Mud, mud, mud! If nothing else, Falls Festival 2016/17 was great opportunity to model the Tasmanian uniform of Blundstone boots, boardshorts and a Kathmandu puffer jacket, and join in the annual passage of people to Marion Bay.
Despite the late withdrawal of both MØ and Grouplove, the line-up for this year’s event was impressive, and apart from a couple of sessions relaxing and rehydrating around various camp sites, the rest was spent revelling in the festivities.
December 30 saw an impressive selection of artists. Over the last 14 years, Falls has developed a reputation for providing for all musical tastes, and Falls 2016/17 did not disappoint. A mid-afternoon set from 2015 Triple J Hottest 100 champions, The Rubens, interjected with a storm or two, was the perfect introduction to festivities.
Golden Features were a late call up to the line-up, and were booked for the more intimate Field Stage. However, they proved to be a real festival highlight and provided plenty of opportunity for a dance in the mud. There was also plenty of good people-watching opportunities, with a few lads, who had clearly spent the last 12 months in the gym, demonstrating their ability to out-meathead each other.
Booka Shade was a surprise package, the one that you manage to uncover at every Falls Festival. Not being overly familiar with their sound, I didn’t really know what to expect. However, they delivered a superb set, accompanied by an impressive light show, and quickly had the crowd wrapped around their little finger.
2016 saw the release of The Avalanches follow-up album, Wildflower – an album that has taken more than a decade to curate. The group has been on a significant live show hiatus, but returned to play a handful of shows in 2016 to coincide with the release of their second album. Marion Bay was fortunate enough to be graced with their presence. The Avalanches played for just over an hour, with their new music interwoven with plenty of early millennium nostalgia, proving to the masses that they still have what it takes.
As the sun rose on the 31st, it wasn’t long until I started cooking like a rotisserie chicken in my tent. I decided that the only way to refresh myself for Day 2 was to grab a well-earned coffee and trek down to the gorgeous beach for a quick dip.
Feeling invigorated, it was great to jump back in for plenty of good tunes on New Year’s Eve.
Brisbane five-piece, Ball Park Music delivered their signature blend of pop, rock and indie, with the revellers that witnessed their performance having no doubt why they are regulars on the Australian festival scene. The opening harmonies of She Only Loves Me When I’m There had Marion Bay seduced instantly.
AlunaGeorge played an absolute banger of a party set, just as the sun was setting on 2016. Having previously teamed up with artists like DJ Snake and Zhu, these guys have a dance music resume that would be the envy of many. Attracting Flies was definitely a favourite amongst the crowd. If you get the chance to see AlunaGeorge perform, I would highly recommend it.
Next up, DMA’s took to the Field Stage. Their infectious Britpop-inspired sound made them a band that I’d put on my “must see” list early on. True to form, these boys did not disappoint. Slow, heart-breaking anthems, such as Delete and Step Up The Morphine, magically contrasting with up-beat tunes, like Lay Down demonstrating the impressive diversity in DMA’s musical ability.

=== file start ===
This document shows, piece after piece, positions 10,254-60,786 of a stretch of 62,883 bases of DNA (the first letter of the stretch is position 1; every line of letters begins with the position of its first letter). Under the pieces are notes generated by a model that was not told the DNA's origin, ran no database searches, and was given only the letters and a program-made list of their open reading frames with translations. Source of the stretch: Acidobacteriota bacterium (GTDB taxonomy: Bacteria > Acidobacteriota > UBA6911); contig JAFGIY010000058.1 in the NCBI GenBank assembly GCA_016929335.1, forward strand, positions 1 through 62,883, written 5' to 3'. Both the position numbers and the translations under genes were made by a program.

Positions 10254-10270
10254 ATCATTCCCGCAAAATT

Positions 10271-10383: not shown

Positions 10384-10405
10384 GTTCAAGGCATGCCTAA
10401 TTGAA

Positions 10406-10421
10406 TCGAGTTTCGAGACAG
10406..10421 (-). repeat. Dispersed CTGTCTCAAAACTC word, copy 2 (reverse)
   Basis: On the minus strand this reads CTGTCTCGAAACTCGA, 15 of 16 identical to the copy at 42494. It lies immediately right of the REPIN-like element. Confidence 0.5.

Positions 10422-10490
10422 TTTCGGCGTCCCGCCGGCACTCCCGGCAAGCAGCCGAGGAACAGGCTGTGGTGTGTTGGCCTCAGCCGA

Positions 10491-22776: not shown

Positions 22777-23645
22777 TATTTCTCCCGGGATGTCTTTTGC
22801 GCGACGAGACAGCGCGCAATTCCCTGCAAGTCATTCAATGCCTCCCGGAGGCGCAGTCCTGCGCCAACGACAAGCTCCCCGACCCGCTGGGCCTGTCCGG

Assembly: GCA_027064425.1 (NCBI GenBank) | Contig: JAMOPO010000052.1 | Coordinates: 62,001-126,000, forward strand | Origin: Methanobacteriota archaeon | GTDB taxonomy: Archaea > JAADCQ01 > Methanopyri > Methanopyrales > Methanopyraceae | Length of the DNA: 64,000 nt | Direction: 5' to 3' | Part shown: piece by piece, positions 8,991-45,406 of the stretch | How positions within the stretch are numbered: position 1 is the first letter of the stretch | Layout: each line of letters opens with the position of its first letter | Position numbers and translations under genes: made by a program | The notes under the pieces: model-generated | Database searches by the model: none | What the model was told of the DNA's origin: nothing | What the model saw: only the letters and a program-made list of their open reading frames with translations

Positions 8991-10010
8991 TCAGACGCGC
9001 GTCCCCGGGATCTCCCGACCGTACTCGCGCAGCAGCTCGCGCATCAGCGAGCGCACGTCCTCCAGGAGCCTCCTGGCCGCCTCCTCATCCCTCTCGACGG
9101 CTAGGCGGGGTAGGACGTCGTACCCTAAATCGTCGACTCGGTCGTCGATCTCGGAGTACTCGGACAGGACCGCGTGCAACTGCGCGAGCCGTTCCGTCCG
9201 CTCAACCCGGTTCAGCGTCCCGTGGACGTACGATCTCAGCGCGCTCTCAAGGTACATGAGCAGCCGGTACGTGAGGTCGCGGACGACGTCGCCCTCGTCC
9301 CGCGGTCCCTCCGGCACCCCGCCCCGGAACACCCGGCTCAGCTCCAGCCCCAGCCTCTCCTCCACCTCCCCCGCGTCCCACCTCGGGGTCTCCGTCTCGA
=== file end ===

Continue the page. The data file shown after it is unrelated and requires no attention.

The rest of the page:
Over the years, Falls Festival have brought some sensational acts to Tasmania. London Grammar last played Marion Bay in 2014. That year, they played a fantastic late afternoon set, providing for the perfect opportunity to relax, basking in the sunshine on the hill, armed with a cold cider. This year, London Grammar returned. While their performance had improved on that of two years ago, the scheduling by festival organisers was way off the mark. The UK trio were booked for the penultimate performance before midnight, and their slow, dulcet tones dampened any pre-New Year party vibes.
If people were feeling a little sluggish after London Grammar, then Violent Soho certainly woke them from their slumber. This Brisbane band has exploded in recent years, finding fame and popularity not only in Australia, but in the US and Europe. Violent Soho managed to tease out all of those campers out that had spent the previous three days, sitting round their campsite smashing smuggled-in tinnies of Woodstock and pumping Barnesy and Farnesy, and enticed them to join the festivities at the Main Stage. A particular highlight was bringing in the New Year with a shoey and all of Marion Bay screaming in unison those three iconic lyrics to Covered in Chrome.
Despite the mud, Falls Festival had, once again, been an enormous success. After 14 years at the site, the festival is now a well-oiled machine. The line-up was high quality, the crowds were amongst the strongest ever, and staff and volunteers forever with a beaming grin on their faces. Dickheads were also kept to a minimal, and sales of glitter at local haberdashery stores were at an all-time high.
Falls Festival is a seriously well organised event, at one of the most beautiful festival sites going around. Falls is a great advertisement for the state for those who come from interstate or overseas, but it also provides Tasmanian’s from all walks of life with an opportunity to see world class performers in their own backyard. For everyone’s sake, let’s hope this event continues to be well supported into the future. See you all for the annual migration down the Arthur Highway next New Year!
*Patrick Carroll is a music lover ...